After reading a blog post entitled “Vote as if ALL our lives depended on it” I was inspired to share the following 3 basic steps to help political actors engage young voters in South Africa:
- Set up a Social Media Communication Team who knows their way around mobile platforms, instant messaging, texting, tweeting and posting…recruitment criteria must include evidence of being a good networker.
- Incentivise! More than 77% of young people aged 18 – 25 are “pay as you go” cell phone users. Spot prizes or even competitions offering airtime will attract and hold this age groups attention. E.g. “Invite ‘selfies’ which include a message about why you are voting in this year’s election”
- Finally, don’t neglect your existing database. Every one of your e-mail contacts has access to a mobile phone. Engage those who already support you to offer steps 1 and 2 above to their network of contacts.
Young people are not hard to reach, they’re a generation waiting to be found, but to engage them you may need to learn txtspk 😉
Mobile phones and their impact on the economies and societies of developing countries has been popular discourse in recent times. The growth of access to mobile phones in Africa has been of particular interest to various actors. There are examples of how mobiles have been used to help market traders in Africa determine prices for their stock, of how health practitioners use them to find and advise patients and there are even examples of mobile phones used for the purposes of monitoring national elections. My research and area of interest is in how mobile phones can support education. I am new to blogging, so I hope to improve the quality of my online contributions over time. I humbly ask that the reader practice patience (and possibly tolerance). I do not intend to bog you down with blogs of statistics about mobile phones, though some may creep in. I do hope that these contributions will invite debate, comments and questions from all who are interested in the eradication of poverty and inequality through education. Below is a copy of my first attempts to find out more about what teachers in South Africa think about mobile phones (or cell phones as they are called in SA) and their place in Education in South Africa.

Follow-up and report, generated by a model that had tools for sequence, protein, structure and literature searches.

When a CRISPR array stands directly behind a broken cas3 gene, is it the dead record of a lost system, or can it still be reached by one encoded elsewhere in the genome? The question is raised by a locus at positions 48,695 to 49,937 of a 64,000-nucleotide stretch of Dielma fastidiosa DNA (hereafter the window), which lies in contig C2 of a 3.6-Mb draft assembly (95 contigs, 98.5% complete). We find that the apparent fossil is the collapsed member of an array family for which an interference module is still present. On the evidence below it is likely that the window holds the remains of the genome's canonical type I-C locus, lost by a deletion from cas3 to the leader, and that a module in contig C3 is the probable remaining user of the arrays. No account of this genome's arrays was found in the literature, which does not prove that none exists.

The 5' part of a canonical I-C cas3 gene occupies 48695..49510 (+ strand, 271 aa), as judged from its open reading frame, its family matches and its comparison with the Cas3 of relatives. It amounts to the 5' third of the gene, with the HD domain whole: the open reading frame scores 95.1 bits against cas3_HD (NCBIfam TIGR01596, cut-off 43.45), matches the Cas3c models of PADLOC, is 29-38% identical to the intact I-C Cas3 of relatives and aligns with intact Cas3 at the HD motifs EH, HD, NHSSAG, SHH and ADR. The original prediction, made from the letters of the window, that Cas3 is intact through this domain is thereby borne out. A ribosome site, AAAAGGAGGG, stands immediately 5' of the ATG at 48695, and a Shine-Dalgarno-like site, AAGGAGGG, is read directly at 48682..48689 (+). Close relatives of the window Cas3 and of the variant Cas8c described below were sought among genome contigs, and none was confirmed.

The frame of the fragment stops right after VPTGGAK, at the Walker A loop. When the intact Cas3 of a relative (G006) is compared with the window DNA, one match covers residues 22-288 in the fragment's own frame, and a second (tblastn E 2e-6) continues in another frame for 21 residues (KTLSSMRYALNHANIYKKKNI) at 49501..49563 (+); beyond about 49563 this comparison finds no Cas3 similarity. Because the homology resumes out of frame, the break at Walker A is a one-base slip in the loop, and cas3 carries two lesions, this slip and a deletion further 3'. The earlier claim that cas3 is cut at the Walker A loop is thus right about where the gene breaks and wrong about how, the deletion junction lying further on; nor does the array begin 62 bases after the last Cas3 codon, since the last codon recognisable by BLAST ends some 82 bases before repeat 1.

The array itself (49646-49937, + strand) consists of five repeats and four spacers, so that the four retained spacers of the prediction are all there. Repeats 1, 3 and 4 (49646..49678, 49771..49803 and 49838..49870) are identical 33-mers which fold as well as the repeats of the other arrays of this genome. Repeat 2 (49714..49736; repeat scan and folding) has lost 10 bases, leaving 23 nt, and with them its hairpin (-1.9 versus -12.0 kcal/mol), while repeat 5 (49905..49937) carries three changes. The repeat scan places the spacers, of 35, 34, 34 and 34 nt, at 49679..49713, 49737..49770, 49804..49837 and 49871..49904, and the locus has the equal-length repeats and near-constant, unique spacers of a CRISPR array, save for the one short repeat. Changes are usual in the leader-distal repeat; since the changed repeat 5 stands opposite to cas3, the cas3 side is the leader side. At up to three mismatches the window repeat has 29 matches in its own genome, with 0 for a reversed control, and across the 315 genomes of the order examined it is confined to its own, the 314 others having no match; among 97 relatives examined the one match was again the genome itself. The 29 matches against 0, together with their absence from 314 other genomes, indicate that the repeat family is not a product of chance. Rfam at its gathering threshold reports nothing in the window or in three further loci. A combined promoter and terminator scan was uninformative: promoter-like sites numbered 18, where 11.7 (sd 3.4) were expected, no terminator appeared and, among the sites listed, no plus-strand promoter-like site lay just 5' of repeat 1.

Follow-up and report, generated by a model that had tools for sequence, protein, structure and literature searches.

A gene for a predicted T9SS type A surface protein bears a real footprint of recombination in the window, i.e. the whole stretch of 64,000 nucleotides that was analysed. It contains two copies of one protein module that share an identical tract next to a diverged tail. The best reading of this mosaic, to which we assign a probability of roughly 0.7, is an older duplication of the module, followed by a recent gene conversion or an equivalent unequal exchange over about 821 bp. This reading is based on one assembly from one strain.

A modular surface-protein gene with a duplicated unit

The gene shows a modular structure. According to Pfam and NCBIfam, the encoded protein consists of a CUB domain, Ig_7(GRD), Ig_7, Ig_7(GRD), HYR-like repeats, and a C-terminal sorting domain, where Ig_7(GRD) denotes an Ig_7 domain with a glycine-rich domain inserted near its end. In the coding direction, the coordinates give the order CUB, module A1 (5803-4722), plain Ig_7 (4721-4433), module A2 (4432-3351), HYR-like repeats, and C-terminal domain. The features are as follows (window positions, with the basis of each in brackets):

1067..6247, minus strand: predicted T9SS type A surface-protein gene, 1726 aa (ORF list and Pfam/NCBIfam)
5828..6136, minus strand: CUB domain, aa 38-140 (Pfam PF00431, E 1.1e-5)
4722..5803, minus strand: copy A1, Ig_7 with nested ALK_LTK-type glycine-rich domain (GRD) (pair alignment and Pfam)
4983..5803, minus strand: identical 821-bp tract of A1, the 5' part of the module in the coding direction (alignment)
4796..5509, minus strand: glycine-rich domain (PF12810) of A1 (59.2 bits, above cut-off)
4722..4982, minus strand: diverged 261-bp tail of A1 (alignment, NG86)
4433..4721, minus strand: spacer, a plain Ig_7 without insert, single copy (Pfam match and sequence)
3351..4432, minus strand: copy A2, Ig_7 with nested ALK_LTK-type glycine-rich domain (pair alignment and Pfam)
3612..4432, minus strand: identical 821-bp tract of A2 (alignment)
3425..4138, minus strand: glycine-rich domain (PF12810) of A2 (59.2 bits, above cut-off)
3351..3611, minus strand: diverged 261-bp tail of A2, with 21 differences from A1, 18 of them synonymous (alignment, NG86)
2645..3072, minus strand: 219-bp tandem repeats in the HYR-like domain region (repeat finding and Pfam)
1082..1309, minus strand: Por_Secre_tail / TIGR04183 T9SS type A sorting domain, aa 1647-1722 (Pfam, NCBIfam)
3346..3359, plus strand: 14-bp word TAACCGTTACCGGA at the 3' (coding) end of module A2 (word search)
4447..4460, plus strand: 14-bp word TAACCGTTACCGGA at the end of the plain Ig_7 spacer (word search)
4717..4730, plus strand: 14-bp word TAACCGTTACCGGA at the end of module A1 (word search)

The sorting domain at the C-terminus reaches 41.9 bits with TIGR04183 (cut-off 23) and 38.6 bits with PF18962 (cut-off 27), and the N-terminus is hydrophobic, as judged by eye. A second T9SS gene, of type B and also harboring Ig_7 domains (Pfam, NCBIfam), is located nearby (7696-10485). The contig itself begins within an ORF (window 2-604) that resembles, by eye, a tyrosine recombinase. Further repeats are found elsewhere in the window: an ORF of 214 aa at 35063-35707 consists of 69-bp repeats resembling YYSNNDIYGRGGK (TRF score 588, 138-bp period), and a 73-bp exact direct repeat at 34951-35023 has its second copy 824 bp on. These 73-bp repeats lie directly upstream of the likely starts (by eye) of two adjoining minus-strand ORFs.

*If you are a High School Teacher in South Africa please follow the link to the Survey Competition where you can let me know what your views are about mobile phones and their potential to benefit or stifle education in South Africa.